Wednesday, November 18, 2009


The purpose of this website is primarily to provide functional examples of the main classes and methods of the Zend Framework as training exercise. An example should not be considered as a proper tutorial but rather taken as commented code. Reading the manual and the API are prerequisites.

Also, the code of most examples does not comply with some coding standards as explained below.
  • Every example has everything in one file: PHP classes, HTML, JavaScript, and CSS. The example is then easier for the user to review, to download, and to play with. One file per example is also easier to maintain and to parse to generate a blog entry. In a real application environment, there would be separate files for each language and each class.
  • The Get method is used in almost all examples. This makes it easier for users to see what parameters are passed and to play with them outside of the form. In a real application environment, the Post method would be used in most examples.
  • Classes and methods are not commented with standard docblocs so the code remains lighter and easier to read. This should be acceptable because variable names are self-explanatory, or the same as those used in the API. Plus, the code is fully commented. In a real application environment, the docblocs would need to be filled properly.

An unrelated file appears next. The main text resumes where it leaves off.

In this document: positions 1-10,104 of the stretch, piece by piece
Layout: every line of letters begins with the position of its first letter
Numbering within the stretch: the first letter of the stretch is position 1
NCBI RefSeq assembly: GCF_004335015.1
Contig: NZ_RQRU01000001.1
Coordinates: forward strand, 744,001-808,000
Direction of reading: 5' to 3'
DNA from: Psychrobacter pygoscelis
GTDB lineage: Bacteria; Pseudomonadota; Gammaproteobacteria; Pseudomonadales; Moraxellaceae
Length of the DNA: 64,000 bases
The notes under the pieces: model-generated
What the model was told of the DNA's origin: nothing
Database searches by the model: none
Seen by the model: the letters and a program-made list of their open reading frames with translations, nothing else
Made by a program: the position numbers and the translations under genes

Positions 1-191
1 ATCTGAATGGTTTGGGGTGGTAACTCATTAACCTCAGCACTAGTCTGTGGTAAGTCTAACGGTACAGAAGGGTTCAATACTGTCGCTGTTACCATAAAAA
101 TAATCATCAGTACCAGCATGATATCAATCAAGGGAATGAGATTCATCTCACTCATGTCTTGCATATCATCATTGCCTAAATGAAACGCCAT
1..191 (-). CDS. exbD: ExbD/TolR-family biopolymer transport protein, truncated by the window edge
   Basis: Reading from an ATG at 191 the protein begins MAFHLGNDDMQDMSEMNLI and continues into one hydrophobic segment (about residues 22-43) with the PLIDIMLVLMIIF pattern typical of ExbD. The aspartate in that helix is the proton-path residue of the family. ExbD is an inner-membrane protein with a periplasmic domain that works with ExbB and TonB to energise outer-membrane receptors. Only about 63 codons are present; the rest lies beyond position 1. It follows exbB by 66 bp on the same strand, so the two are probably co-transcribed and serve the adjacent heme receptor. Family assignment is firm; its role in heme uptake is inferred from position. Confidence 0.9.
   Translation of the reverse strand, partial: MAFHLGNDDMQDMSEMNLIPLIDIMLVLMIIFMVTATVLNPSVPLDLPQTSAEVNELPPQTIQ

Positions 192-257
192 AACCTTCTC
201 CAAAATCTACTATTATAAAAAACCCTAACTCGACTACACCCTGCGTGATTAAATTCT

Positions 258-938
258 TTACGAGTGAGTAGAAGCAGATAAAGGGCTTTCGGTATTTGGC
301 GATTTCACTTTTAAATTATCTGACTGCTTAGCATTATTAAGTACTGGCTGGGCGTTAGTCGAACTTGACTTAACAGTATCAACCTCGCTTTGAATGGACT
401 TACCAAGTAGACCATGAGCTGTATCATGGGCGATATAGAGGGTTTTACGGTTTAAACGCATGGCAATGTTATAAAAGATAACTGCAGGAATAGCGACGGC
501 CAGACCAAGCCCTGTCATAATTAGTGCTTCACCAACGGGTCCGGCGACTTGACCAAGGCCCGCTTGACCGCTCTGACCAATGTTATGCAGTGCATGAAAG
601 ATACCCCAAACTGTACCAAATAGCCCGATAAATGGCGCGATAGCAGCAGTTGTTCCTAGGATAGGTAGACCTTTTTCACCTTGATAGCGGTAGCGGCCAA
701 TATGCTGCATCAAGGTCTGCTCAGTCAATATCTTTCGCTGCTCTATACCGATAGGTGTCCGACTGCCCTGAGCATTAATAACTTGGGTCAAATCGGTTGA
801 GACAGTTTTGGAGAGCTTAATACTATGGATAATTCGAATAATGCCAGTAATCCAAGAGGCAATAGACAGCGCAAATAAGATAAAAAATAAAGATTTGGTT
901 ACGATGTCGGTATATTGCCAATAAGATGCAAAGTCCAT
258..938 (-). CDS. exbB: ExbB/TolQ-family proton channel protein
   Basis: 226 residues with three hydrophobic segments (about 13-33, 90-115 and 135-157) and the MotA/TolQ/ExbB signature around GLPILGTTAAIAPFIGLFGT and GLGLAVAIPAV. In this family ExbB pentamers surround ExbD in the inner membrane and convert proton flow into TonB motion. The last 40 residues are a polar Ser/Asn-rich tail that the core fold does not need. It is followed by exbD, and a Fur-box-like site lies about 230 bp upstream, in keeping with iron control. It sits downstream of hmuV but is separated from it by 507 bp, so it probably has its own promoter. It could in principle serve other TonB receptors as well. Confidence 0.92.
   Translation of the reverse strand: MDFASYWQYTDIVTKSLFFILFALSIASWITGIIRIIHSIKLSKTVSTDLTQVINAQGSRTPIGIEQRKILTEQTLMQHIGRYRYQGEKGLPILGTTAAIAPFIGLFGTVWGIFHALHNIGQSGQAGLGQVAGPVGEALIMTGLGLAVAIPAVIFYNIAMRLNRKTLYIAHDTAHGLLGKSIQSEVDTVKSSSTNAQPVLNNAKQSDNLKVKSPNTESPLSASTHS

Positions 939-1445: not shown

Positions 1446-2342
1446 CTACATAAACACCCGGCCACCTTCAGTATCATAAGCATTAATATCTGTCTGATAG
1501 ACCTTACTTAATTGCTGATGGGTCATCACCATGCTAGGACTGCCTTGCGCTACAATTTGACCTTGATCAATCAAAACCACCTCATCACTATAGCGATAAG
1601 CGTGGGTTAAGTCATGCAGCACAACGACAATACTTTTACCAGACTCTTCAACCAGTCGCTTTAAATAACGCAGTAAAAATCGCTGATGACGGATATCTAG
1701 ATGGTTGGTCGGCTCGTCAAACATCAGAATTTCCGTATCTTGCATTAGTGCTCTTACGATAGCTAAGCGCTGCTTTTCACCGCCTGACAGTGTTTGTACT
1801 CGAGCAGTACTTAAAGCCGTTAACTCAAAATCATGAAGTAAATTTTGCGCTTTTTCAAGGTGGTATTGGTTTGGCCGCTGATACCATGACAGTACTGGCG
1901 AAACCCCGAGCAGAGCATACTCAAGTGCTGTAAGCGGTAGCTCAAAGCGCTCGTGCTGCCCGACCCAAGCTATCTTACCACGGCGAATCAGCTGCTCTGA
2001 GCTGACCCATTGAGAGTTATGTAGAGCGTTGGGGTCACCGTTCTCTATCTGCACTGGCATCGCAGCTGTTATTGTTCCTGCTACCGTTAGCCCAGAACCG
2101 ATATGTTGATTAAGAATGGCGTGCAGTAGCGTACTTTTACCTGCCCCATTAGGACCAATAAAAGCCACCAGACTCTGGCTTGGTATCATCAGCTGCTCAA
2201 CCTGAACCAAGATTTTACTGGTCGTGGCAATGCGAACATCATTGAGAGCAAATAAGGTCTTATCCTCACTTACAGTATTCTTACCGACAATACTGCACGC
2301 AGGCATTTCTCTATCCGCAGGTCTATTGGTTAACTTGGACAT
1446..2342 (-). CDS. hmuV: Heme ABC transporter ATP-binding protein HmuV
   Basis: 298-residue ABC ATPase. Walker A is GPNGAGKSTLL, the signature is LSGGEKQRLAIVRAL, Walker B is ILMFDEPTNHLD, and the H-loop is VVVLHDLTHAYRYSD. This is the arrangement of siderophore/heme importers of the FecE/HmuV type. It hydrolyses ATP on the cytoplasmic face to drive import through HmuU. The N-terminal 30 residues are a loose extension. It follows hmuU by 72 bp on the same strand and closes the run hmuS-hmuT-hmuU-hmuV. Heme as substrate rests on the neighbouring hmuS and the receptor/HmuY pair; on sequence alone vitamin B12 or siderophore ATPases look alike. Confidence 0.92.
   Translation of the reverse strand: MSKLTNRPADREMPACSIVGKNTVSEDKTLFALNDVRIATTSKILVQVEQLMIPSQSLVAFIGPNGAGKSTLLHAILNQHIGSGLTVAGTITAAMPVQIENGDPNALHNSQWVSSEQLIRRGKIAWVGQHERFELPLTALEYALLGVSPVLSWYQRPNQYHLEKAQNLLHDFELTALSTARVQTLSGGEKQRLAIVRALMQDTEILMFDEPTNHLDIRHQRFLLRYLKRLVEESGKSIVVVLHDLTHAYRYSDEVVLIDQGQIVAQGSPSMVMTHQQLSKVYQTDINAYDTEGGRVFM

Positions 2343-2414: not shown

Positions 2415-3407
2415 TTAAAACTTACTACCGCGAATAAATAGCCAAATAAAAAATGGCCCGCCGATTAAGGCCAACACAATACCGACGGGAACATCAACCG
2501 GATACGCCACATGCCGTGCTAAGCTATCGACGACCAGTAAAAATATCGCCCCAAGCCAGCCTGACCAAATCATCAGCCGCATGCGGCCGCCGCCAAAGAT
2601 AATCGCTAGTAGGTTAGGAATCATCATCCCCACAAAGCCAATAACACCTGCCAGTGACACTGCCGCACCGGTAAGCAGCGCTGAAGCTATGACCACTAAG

• Some functions receive a long list of arguments, other functions return a long list of parameters. This is for clarity in order to see easily what is passed. Some developers might choose to use arrays instead.
  • All exceptions are caught through the Exception base class. In a normal application environment, a separate catch block should be written for each specific exception.
  • The construct default in a switch statement is omitted where it adds no functional value.
  • Simple control statements based on the if/else constructs are often replaced with and/or statements.
  • Simple assignments are performed within if/else statements.
  • Type hinting is not done for function arguments.
  • Values of associative arrays are not aligned.
  • etc...

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